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Sura 6 of the Quran
The Grazing Livestock
PositionJuzʼ 7—8
Hizb no.13—15
No. of Rukus20
No. of verses165

Al-An'am (Arabic: ٱلْأَنْعَامal-ʾAnʿām, "The Cattle")[1] is the sixth chapter (sūrah) of the Quran, with 165 verses (āyāt). Coming in order in the Quran after al-Baqarah, Al 'Imran, an-Nisa', and al-Ma'idah, all of which were revealed in Medina, this surah dwells on such themes as rejecting polytheism and unbelief, the establishment of Tawhid (pure monotheism), the Revelation, Messengership, and Resurrection. Regarding the timing and contextual background of the revelation (Asbāb al-nuzūl), it is a "Meccan surah," as it is believed to have been revealed in its entirety during the final year of the Meccan period of Islam.[2] The surah also reports the story of the prophet Ibrahim[3], who calls others to stop worshiping celestial bodies and turns towards Allah.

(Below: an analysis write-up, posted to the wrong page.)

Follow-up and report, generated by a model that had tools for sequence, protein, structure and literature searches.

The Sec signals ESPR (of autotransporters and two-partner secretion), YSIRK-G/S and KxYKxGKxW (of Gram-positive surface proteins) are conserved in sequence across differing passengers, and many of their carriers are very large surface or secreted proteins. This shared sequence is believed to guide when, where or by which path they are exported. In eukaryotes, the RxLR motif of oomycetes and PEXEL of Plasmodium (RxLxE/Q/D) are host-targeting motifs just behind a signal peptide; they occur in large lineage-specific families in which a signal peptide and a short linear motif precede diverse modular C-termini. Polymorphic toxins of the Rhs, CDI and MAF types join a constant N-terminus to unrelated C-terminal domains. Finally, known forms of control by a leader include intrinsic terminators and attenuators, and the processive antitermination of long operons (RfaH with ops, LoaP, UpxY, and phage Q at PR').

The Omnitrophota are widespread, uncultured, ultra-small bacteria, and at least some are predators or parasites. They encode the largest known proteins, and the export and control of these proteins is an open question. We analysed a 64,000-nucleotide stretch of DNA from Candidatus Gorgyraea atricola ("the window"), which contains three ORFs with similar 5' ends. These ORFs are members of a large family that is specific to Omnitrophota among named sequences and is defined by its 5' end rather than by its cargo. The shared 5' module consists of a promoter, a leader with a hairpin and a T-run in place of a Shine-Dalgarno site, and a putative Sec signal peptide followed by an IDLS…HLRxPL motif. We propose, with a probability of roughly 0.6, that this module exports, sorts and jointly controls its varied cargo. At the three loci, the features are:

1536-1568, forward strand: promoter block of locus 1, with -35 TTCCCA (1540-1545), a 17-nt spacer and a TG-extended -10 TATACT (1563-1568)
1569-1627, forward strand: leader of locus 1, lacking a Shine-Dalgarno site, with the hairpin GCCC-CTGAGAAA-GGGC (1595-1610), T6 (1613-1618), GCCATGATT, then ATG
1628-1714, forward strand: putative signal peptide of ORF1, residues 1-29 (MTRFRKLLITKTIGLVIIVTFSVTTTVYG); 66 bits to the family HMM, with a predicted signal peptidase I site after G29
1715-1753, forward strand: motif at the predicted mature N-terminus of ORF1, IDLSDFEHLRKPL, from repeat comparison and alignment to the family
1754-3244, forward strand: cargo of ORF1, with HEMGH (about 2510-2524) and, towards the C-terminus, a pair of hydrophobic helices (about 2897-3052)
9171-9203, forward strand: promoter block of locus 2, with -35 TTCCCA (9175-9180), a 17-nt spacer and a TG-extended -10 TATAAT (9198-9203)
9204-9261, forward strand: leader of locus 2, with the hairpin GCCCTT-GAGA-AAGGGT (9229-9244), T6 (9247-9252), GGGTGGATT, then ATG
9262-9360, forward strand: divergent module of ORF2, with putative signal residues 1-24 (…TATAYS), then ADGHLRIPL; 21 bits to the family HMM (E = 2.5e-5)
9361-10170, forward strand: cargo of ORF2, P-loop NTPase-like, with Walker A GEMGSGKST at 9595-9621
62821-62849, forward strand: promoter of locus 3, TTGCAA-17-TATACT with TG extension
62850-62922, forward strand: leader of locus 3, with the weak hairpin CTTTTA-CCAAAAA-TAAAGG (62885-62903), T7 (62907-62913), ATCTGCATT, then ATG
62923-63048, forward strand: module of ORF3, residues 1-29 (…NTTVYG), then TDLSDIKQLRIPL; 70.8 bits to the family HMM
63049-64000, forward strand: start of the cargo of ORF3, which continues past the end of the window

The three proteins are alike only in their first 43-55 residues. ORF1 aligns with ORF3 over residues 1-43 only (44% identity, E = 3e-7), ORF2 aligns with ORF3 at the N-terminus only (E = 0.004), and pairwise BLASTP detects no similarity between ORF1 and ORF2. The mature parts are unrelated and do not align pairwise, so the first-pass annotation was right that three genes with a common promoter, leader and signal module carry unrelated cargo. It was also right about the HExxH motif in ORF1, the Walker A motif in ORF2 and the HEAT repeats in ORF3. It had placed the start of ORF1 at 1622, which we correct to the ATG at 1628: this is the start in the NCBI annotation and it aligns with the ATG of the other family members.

Q6:32 Hedonism[edit]

6:32 - warns against hedonism:

"What is the life of this world but play and amusement? But best is the home in the hereafter, for those who are righteous."

Q6.59 God is Omniscient[edit]

6:59 - teaches that none but God is Omniscient:

"And with Him are the keys of the Invisible. None but He Knoweth them. And He Knoweth what is in the land and the sea. Not a leaf falleth but He knoweth it, not a grain amid the darkness of the earth, naught of wet or dry but (it is noted) in a clear record."

Q6:68 Disbelievers[edit]